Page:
Despite our nation's attempts to make Christmas all about toys and shopping, it is still a religious holiday. Mike Birbiglia tells this story about Catholicism and his mother. Mike is author of the memoir Sleepwalk With Me.
Comedy duo Gabe Liedman and Jenny Slate disagree about the awesomeness of Hanukkah... and about the nature of their relationship. Gabe contributes to videogum.com.
Stand-up comedian Julian McCullough tells this story about heading to someone else's home for the holidays. You can watch Julian's Comedy Central Presents special at his website, julianmccullough.com.
In the midst of a real estate dispute, Jim O'Grady becomes the target of an unusual neighborhood watch group. He told this story onstage at the Moth.
A fable about being a crybaby, from David Sedaris' new book of animal fables, Squirrel Seeks Chipmunk.
Comedian Eugene Mirman meets three friends all named Matt who claim they are the most unforgettable people in this county: Quiet Matt, Big Matt and Artist Matt.
Comedian Kumail Nanjiani makes his pitch for a product you may have heard of. His story was recorded at Comix in New York.
Ira Glass mentions a very silly mistake he made with a girl when he was in junior high. Then comedian Mike Birbiglia tells the story of his rocky foray into the world of making out with girls.
For the last 13 years, the University of Montevallo in Alabama has held an event called The Life Raft Debate, where several professors take the stage and each tries to convince the students that his or her discipline—chemistry, say, or communications—is the most essential field of study. But in 2007, a professor named Jon Smith decided that the debate itself needed saving.
Two short ideas that didn't work out so well as full stories.
David Rakoff demonstrates—in rhyme—how to make a wedding toast for people you never wanted to see married in the first place. Rakoff is the author of several books, most recently Half Empty.
David Rakoff tells the story of a contract between a son and his visiting mother. David Rakoff is the author of several books including Don't Get Too Comfortable.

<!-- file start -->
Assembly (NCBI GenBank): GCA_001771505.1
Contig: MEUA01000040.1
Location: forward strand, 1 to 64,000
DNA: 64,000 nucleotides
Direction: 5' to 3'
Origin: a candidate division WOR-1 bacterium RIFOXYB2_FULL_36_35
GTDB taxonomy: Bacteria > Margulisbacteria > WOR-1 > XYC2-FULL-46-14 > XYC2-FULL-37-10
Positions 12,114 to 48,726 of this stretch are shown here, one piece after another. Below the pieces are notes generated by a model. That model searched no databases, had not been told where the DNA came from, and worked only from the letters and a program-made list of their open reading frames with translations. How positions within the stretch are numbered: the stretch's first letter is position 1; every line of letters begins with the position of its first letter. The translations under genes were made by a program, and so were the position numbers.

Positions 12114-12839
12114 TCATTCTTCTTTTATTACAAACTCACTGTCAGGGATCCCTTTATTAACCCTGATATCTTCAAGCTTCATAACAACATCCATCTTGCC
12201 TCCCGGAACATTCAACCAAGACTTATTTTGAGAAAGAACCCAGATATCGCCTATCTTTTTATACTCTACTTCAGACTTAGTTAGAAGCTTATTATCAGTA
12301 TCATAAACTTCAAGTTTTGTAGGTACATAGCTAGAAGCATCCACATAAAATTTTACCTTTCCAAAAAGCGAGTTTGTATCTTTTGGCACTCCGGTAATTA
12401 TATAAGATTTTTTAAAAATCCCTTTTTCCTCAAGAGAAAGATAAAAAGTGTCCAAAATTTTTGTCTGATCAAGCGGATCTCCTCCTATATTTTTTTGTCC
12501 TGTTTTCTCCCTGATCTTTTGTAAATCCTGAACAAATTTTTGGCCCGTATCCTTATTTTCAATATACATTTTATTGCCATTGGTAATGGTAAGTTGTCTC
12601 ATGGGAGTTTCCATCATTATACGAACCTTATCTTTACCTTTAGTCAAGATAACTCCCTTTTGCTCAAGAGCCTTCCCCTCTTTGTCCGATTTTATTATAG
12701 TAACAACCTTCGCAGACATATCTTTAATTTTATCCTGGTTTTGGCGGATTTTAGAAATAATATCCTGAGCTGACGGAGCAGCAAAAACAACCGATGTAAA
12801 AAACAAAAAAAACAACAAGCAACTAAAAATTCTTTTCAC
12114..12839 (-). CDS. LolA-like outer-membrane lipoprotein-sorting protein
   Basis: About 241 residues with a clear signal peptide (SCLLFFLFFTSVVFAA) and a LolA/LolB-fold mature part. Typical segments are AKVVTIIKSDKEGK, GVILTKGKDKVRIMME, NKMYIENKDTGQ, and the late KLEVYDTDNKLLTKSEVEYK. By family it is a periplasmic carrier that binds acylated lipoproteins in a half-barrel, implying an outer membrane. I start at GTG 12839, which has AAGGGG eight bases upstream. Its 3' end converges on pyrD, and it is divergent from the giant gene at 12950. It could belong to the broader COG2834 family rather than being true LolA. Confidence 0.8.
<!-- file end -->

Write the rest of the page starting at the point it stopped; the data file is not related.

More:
In big families, there's often one kid who always gets blamed when something goes wrong. But Shalom Auslander came from a small family, so the role of fall guy was up for grabs.
Mike Birbiglia recalls being in a car accident with a hit and run drunk driver. In the weeks that follow, Mike's brush with death turns into a full blown nightmare when the police report is so poorly filled out that somehow Mike winds up owing the drunk driver 12 thousand dollars…not because it's fair, but because he can't get anyone to listen to him.
Ira invites Buffy the Vampire Slayer creator Joss Whedon to perform a song from his Dr. Horrible's Sing-Along Blog DVD extra commentary, which is a musical satire that pokes fun at the idea of DVD commentary.
Joel and Kate were both working in a psychiatric hospital in Belmont, Massachusetts. They both like each other, and she tries to impress him by always wearing her favorite pair of jeans.
Sketch comedy troupe Kasper Hauser performs a radio game show, where a race car driver, a guy fluent in middle English, and a teacher take turns cramming all the 21st century wisdom they can into a 30 second phone call to the 14th century.
This American Life Senior Producer Julie Snyder talks to Ira about her rather alarming theory regarding the new president's smoking habits.
Comedian Mike Birbiglia talks about the time he ruined a cancer charity event, by giving the worst performance of his life. (Here's a hint: He improvised.
There's this haven on the U.S. railroad—the Amtrak Quiet Car. You can't yammer on your cell phone in the Quiet Car, or yuck it up with your friends, or even talk above a murmur.
A short story about an orthodox Jewish man who dies on the operating table and goes to heaven. Where he meets God.
Mike Birbiglia talks about the sleepwalking that nearly killed him. It's an excerpt of his one-man show "Sleepwalk with Me," which is now also a feature film, produced and co-written by Ira Glass.
Host Ira Glass talks about the way most political apologies go, and chats with a man named Derek Jones about similar sorts of apologies among preteen girls and King David, in the Old Testament.